“I don't pay attention to that. I don't think it's a significant factor,” he said. “I don't care about gender. I care about voters and getting my message across.”

That message is “Reforms. Results. Republicans.” It's blazoned on the backs of T-shirts and drink koozies members hand out.

“We're saying here's what the reform is. Here's been the result of that reform. And it was Republicans who brought it about,” he said.

In a July 23 guest opinion column he wrote for Walworth County Sunday, Goebel pointed out examples of the reforms under Republican leadership, including a law that increases Veteran Affairs' ability to hold bad employees accountable and legislation that allows states to withhold federal funding to facilities that perform abortions, including Planned Parenthood clinics.  

County residents are engaged in politics and, he believes, are more informed -- or at least reading more.

“Unfortunately, some of the voters are relying too much upon fake news on social media. You see a title to a piece and hackles come up. It doesn't take long for people to see something and I'll get phone calls,” Goebel said. “I'll ask, 'Did you read the whole article or just the headline? Is there a date? Is there an author's name? Are there any facts in there or is it all supposition?' It's much more in-your-face with social media now than it was 10 or 20 years ago.”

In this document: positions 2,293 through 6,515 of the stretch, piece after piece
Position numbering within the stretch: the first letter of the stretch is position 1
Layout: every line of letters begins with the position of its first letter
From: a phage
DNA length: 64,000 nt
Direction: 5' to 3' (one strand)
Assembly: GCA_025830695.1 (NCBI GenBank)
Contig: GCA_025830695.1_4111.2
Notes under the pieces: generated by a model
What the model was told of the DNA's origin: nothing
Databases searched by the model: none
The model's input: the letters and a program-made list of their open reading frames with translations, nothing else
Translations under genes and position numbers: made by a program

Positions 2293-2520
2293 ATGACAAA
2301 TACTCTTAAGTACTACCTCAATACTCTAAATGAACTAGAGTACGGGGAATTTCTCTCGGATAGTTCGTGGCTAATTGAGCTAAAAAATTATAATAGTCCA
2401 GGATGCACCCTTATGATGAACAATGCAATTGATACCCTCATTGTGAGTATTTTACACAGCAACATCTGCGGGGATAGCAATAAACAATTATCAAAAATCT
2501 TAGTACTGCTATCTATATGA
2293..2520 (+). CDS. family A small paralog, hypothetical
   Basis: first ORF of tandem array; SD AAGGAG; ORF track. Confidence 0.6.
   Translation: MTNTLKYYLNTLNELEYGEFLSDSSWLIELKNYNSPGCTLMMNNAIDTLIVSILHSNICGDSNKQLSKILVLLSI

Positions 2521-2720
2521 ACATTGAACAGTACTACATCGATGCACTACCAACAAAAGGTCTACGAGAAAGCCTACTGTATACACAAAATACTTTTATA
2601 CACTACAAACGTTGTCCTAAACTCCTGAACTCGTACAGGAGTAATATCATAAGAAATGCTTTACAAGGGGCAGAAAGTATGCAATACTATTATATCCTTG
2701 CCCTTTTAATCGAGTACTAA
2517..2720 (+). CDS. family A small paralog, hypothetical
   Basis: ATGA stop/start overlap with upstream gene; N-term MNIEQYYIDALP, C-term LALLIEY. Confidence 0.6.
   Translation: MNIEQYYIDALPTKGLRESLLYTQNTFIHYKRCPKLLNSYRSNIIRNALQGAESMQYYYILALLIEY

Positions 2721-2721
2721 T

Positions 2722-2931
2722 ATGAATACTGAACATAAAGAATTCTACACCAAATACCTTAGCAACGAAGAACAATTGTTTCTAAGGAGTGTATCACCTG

Goebel said former President Ronald Reagan influenced his decision to become a Republican.

“I was in the Air Force at the time and we had just come off the Jimmy Carter years,” Goebel said. “After Carter's failed military (direction), his leadership as commander-in-chief, Ronald Reagan was a breath of fresh air.

“When I retired from the Air Force in 1997 and came home, I kind of laid in the bushes for a while. But then I knew I had to do something. I started putting up yard signs and field signs, and here I am.”

Ask Goebel if the Republican Party has changed drastically from Reagan under Trump, whose approval rating is under 40 percent, and he shakes his head slightly.

“Everything changes and evolves. There's always going to be something about a platform or a candidate I don't like. If I wanted everything my way, I'd be running,” he said. “Compare the two presidents, the two offices, I'd prefer to stay out of it. I don't think it's germane. I don't think it's important today.”

He leaves the decision of whether to change what's going on in Washington to the voters.

“If there are two Republicans running, the voter has to make that choice,” he said. “Now the county party may endorse one, and I may or may not agree with that endorsement. It's my choice when I walk into the voting booth.”